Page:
Kyoto University is one of Japan and Asia's premier research institutions, founded in 1897 and responsible for producing numerous Nobel laureates and winners of other prestigious international prizes. A broad curriculum across the arts and sciences at both undergraduate and graduate levels is complemented by numerous research centers, as well as facilities and offices around Japan and the world. For more information please see: http://www.kyoto-u.ac.jp/en

Media Contact

Raymond Kunikane Terhune
comms@mail2.adm.kyoto-u.ac.jp
81-757-535-728

 @KyotoU_News

http://www.kyoto-u.ac.jp/en 

Raymond Kunikane Terhune | EurekAlert!

More articles from Earth Sciences:

nachricht Massive impact crater from a kilometer-wide iron meteorite discovered in Greenland
15.11.2018 | Faculty of Science - University of Copenhagen

nachricht The unintended consequences of dams and reservoirs
14.11.2018 | Uppsala University

All articles from Earth Sciences >>>

The most recent press releases about innovation >>>

Die letzten 5 Focus-News des innovations-reports im Überblick:

Im Focus: UNH scientists help provide first-ever views of elusive energy explosion

Researchers at the University of New Hampshire have captured a difficult-to-view singular event involving "magnetic reconnection"--the process by which sparse particles and energy around Earth collide producing a quick but mighty explosion--in the Earth's magnetotail, the magnetic environment that trails behind the planet.

Magnetic reconnection has remained a bit of a mystery to scientists. They know it exists and have documented the effects that the energy explosions can...

Im Focus: A Chip with Blood Vessels

Biochips have been developed at TU Wien (Vienna), on which tissue can be produced and examined. This allows supplying the tissue with different substances in a very controlled way.

Cultivating human cells in the Petri dish is not a big challenge today. Producing artificial tissue, however, permeated by fine blood vessels, is a much more...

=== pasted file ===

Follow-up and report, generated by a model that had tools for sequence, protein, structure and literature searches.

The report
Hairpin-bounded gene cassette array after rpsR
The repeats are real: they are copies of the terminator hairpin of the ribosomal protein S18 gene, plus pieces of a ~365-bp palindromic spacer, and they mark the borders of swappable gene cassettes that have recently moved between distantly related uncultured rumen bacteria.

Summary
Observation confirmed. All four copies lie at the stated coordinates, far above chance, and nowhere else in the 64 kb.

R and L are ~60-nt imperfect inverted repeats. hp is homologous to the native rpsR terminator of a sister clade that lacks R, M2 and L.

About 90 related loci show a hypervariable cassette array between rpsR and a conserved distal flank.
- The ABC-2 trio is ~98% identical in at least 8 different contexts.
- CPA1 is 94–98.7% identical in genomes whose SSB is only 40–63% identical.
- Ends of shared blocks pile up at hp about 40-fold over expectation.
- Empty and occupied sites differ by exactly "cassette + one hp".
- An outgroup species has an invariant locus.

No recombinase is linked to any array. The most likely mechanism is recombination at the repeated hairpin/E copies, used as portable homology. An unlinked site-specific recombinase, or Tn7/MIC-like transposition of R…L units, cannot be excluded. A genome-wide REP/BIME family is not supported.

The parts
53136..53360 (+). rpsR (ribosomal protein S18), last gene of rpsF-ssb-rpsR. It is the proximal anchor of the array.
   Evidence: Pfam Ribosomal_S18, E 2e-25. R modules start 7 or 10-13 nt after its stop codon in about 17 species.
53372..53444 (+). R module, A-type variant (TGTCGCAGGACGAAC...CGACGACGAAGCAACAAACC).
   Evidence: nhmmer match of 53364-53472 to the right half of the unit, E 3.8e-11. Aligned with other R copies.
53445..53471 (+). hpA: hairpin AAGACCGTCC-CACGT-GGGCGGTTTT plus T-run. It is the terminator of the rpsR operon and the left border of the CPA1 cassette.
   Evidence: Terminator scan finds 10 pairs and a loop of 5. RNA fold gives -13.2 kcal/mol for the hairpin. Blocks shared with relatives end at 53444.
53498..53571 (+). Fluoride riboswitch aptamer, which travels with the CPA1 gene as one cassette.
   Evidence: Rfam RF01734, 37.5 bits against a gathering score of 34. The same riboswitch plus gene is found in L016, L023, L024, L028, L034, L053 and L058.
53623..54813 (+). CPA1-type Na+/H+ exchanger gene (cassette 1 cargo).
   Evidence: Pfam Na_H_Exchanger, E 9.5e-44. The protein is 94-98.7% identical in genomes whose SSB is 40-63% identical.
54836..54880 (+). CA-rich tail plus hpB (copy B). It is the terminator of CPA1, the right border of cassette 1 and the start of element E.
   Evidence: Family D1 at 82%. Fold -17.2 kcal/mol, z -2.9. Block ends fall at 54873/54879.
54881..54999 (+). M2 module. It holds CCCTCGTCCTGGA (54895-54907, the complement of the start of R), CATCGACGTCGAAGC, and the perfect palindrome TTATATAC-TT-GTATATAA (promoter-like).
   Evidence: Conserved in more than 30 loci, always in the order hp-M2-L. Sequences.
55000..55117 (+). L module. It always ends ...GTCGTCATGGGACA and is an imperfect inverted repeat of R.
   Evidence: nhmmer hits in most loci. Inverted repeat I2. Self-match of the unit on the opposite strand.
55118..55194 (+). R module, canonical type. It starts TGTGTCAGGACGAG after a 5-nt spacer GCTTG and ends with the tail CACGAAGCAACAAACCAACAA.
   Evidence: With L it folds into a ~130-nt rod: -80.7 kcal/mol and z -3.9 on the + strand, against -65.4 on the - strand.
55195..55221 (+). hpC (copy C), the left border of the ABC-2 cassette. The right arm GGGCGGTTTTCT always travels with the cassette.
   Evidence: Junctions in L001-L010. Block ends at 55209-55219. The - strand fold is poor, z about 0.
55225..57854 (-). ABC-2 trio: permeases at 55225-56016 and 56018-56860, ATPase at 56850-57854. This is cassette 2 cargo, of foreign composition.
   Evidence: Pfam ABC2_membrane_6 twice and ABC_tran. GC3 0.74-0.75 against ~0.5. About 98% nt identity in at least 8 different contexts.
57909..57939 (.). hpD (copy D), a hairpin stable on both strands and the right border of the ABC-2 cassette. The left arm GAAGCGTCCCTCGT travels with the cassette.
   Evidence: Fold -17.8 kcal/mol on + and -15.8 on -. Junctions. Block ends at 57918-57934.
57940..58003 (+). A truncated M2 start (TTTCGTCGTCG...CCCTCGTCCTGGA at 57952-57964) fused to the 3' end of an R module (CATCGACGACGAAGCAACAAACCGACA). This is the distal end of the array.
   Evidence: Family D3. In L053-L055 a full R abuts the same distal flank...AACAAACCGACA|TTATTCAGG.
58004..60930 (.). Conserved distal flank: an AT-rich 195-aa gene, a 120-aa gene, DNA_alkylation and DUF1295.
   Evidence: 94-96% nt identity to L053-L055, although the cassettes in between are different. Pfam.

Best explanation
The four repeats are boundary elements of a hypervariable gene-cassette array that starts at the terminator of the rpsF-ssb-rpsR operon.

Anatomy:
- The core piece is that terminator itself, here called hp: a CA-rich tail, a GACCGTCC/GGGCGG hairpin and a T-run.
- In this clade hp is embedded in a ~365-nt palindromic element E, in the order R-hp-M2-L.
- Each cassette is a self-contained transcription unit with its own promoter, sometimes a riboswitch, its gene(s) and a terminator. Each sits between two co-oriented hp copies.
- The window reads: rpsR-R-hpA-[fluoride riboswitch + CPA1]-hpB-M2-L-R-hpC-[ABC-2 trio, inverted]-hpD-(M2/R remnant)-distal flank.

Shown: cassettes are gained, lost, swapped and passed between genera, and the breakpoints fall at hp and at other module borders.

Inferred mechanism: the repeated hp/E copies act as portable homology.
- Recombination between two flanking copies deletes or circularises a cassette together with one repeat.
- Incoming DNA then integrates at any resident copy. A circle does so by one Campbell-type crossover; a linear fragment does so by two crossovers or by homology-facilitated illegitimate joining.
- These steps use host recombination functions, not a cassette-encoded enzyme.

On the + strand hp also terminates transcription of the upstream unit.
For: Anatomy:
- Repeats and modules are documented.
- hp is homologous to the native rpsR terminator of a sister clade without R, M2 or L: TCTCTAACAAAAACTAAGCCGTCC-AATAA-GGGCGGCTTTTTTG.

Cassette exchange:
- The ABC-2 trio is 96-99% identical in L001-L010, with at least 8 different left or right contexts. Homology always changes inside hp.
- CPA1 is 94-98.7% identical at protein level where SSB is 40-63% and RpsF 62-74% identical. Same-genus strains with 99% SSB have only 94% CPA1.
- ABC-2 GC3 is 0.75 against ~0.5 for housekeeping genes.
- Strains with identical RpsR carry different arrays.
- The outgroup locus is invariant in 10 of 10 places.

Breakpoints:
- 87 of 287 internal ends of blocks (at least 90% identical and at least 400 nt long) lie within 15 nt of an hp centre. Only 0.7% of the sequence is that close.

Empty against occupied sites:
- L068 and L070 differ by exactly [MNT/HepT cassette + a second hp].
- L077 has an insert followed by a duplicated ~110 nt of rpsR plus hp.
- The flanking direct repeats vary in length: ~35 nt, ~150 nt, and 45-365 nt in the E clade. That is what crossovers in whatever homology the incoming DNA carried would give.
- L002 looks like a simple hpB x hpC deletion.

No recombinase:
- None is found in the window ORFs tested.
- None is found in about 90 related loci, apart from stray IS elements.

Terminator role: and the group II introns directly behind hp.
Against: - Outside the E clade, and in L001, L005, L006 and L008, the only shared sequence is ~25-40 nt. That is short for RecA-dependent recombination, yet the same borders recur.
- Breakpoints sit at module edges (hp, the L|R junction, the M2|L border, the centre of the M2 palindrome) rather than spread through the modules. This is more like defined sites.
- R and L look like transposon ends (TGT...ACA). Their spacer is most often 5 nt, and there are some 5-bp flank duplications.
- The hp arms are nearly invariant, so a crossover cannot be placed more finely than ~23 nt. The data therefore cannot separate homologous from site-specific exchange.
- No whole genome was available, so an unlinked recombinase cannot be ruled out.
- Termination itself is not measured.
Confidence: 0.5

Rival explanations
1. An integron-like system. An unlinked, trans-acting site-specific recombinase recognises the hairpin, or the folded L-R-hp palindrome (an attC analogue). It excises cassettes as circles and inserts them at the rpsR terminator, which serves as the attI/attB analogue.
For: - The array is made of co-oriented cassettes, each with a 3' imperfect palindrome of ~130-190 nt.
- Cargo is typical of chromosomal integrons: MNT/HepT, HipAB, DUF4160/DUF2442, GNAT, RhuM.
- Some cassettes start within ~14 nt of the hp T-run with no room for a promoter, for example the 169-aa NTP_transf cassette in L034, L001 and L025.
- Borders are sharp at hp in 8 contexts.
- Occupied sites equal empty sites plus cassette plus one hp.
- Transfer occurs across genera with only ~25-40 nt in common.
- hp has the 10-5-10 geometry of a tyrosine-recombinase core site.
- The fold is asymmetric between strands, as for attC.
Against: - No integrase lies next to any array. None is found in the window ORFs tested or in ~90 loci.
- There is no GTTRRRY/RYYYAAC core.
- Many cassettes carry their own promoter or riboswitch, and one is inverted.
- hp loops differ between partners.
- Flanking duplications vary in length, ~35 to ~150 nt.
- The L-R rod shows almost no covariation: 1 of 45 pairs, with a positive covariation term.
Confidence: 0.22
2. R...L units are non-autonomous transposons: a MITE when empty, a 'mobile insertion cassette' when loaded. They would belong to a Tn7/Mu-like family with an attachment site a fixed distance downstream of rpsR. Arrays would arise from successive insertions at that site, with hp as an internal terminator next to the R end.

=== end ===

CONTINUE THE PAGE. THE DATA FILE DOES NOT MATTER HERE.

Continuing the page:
Im Focus: A Leap Into Quantum Technology

Faster and secure data communication: This is the goal of a new joint project involving physicists from the University of Würzburg. The German Federal Ministry of Education and Research funds the project with 14.8 million euro.

In our digital world data security and secure communication are becoming more and more important. Quantum communication is a promising approach to achieve...

Im Focus: Research icebreaker Polarstern begins the Antarctic season

What does it look like below the ice shelf of the calved massive iceberg A68?

On Saturday, 10 November 2018, the research icebreaker Polarstern will leave its homeport of Bremerhaven, bound for Cape Town, South Africa.

Im Focus: Penn engineers develop ultrathin, ultralight 'nanocardboard'

When choosing materials to make something, trade-offs need to be made between a host of properties, such as thickness, stiffness and weight. Depending on the application in question, finding just the right balance is the difference between success and failure

Now, a team of Penn Engineers has demonstrated a new material they call "nanocardboard," an ultrathin equivalent of corrugated paper cardboard. A square...

All Focus news of the innovation-report >>>

Anzeige

Anzeige

VideoLinks
Industry & Economy
Event News

“3rd Conference on Laser Polishing – LaP 2018” Attracts International Experts and Users

09.11.2018 | Event News

On the brain’s ability to find the right direction

06.11.2018 | Event News

European Space Talks: Weltraumschrott – eine Gefahr für die Gesellschaft?

23.10.2018 | Event News

 
Latest News

Purdue cancer identity technology makes it easier to find a tumor's 'address'

16.11.2018 | Health and Medicine

Good preparation is half the digestion

16.11.2018 | Life Sciences

Microscope measures muscle weakness

16.11.2018 | Life Sciences

VideoLinks
Science & Research
Overview of more VideoLinks >>>